methods, the revised attributes are selected before the statistical pro-
cedure; so there are items but not factors or components. Two, given
the variety of attributes and destination types, only the more universal
attributes have been considered, ignoring those that correspond to the
idiosyncrasies of a particular destination (such as snow quality at ski-
stations). Three, when the study listed various similar attributes (like
fishing, hunting, and rafting), these were regrouped into one category
(sports activities). Therefore, the attributes considered sum up a total
of 20.
In Table 3, ‘object’ variable (destination types) and ‘subject’ types

Figure 1. The Most Common Attributes used in TDI Studies

(respondents) are described and classified. Five types of destinations

were found (cities, countries, states of the United States, ski-stations,
and other zones such as valleys and islands). The categorization of the
subject variable asks for a closer analysis given that the options men-
tioned were very heterogeneous. This is probably due to a greater or
lesser interest on segmentation shown by authors as well as the explicit
influence of variables such as time, place, and previous knowledge of
the area. Furthermore, four generic subject categories were collected:
residents (divided into retailers, ‘near-home’ tourists, and other
residents), tourists (prospective, first time, or repeat), visitors (when
current knowledge of the destination is required), and unspecified,
when the study did not indicate the segmentation of the subject vari-
The results of analyzing Figure 1 and Table 3 provide revealing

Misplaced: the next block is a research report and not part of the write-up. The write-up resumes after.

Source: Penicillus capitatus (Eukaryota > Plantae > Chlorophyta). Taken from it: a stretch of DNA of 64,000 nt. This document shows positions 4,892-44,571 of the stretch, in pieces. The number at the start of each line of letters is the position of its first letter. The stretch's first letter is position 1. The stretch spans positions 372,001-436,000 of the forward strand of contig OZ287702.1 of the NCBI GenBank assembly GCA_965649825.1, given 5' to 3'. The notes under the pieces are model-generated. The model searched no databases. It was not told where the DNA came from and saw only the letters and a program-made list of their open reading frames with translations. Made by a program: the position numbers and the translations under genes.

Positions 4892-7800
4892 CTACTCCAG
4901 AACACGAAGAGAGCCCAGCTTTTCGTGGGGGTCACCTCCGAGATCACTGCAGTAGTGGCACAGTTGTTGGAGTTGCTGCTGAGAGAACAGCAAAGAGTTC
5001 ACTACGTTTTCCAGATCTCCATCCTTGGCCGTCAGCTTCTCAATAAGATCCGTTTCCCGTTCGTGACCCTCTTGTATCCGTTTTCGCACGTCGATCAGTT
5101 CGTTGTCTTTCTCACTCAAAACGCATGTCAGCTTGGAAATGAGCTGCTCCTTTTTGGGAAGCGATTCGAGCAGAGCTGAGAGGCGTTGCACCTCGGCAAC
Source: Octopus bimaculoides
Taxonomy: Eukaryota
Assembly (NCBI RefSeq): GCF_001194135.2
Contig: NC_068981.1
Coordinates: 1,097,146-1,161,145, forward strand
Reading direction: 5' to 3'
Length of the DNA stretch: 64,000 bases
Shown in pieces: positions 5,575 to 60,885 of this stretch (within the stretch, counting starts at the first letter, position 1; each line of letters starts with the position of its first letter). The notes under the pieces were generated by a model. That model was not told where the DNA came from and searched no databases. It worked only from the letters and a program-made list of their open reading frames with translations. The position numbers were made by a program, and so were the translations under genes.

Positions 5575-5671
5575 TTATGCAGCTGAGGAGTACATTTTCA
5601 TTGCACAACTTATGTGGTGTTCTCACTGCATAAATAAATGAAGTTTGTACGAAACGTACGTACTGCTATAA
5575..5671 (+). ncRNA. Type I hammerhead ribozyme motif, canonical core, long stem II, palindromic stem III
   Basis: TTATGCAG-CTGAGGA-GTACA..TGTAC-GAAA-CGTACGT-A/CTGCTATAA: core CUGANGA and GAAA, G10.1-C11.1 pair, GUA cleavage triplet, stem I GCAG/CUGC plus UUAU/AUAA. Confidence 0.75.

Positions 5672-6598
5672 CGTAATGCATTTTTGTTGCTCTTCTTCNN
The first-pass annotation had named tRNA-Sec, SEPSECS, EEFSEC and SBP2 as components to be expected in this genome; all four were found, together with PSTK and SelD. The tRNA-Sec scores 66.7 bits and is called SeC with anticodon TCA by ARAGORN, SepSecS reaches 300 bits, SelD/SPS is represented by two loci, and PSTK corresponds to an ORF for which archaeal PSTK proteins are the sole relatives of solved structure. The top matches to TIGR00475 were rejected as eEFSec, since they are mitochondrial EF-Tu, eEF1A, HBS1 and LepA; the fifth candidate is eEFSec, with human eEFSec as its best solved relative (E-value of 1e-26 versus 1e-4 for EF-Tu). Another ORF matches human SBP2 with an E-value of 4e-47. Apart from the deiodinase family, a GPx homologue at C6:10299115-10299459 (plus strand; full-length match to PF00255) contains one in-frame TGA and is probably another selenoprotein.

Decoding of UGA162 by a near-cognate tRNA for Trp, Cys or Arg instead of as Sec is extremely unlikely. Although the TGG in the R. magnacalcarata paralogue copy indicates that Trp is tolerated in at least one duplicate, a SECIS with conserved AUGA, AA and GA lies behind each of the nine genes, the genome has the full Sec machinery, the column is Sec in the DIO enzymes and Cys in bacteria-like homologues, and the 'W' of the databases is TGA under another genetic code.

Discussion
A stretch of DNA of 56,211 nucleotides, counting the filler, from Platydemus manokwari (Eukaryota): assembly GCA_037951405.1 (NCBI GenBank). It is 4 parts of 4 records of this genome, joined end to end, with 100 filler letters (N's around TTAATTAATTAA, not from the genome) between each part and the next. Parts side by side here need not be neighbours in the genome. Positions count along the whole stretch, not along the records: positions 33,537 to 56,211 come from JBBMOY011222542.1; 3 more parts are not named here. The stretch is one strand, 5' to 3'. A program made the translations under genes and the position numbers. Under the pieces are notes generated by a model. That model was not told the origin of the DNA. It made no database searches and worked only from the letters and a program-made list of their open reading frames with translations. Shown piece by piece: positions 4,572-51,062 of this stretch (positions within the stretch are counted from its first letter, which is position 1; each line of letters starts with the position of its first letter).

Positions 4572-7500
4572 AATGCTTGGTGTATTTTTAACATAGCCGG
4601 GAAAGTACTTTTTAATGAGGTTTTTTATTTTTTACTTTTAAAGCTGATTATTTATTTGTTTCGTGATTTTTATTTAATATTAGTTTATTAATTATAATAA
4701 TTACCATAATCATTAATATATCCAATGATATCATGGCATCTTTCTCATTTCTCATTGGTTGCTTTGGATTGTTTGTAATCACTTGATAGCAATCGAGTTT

insights on previous image research. ‘Residents’ receptiveness’ was the
attribute most mentioned (20 out of 25 studies), followed by ‘land-

Table 3. A Review of Object and Subject Dimension of TDI Studies

Subjectsa Authors Objectsb

D 1. Crompton (1979) II
D 2. Goodrich (1978) I+II
A1+B 3. Sternquist Witter (1985) I
C 4. Haahti (1986) II
D 5. Gartner and Hunt (1987) III
C 6. Calantone et al. (1989) II
D 7. Gartner (1989) III
B 8. Embacher and Buttle (1989) II
C 9. Guthrie and Gale (1991) IV
B1 10. Ahmed (1991) III
B1+B2 11. Chon (1991) II
B1;B2+B3 12. Fakeye and Crompton (1991) V
B1;B2+B3 13. Crompton, Fakeye and Lue (1992) V
D 14. Carmichael (1992) IV
C 15. Chon (1992) I
B1 16. Echtner and Ritchie (1993) II
D 17. Driscoll et al (1994) II
A2 18. Dadgostar and Isotalo (1995) I
C 19. Muller (1995) I
D 20. Eizaguirre and Laka (1996) I
A 21. Schroeder (1996) III
D 22. Ahmed (1996) III
D 23. Oppermann (1996a), (1996b) I
B 24. Baloglu (1997) II+V
B1+B2 25. Baloglu and McCleary (1999) II

Object variable: I, cities; II, countries; III, USA states; IV, ski resorts; V, other zones.
Subject variable: A, residents; A1, retailers; A2, ‘near home’ tourists; B, tourists; B1,
prospective; B2, first time; B3, repeater; C, tourists; D, not determined.

scape and/or surroundings’ (19 out of 25 studies). The same attributes

were previously found in Echtner and Ritchie’s 1991 review, but in
inverse order. The point is made on the importance of tourists’ percep-
tion of residents, as stated in literature review (topic f in Table 1). In
a diacronic analysis, the balance between functional and psychological
attributes seem not to change over 20 years, although studies since
1990 seem to contemplate more attributes. With respect to the number
of destinations studied, there is indeed a great variety, depending
essentially on the aim of the study and the methodology employed.
Embacher and Buttle (1989) suggest a limited number of destinations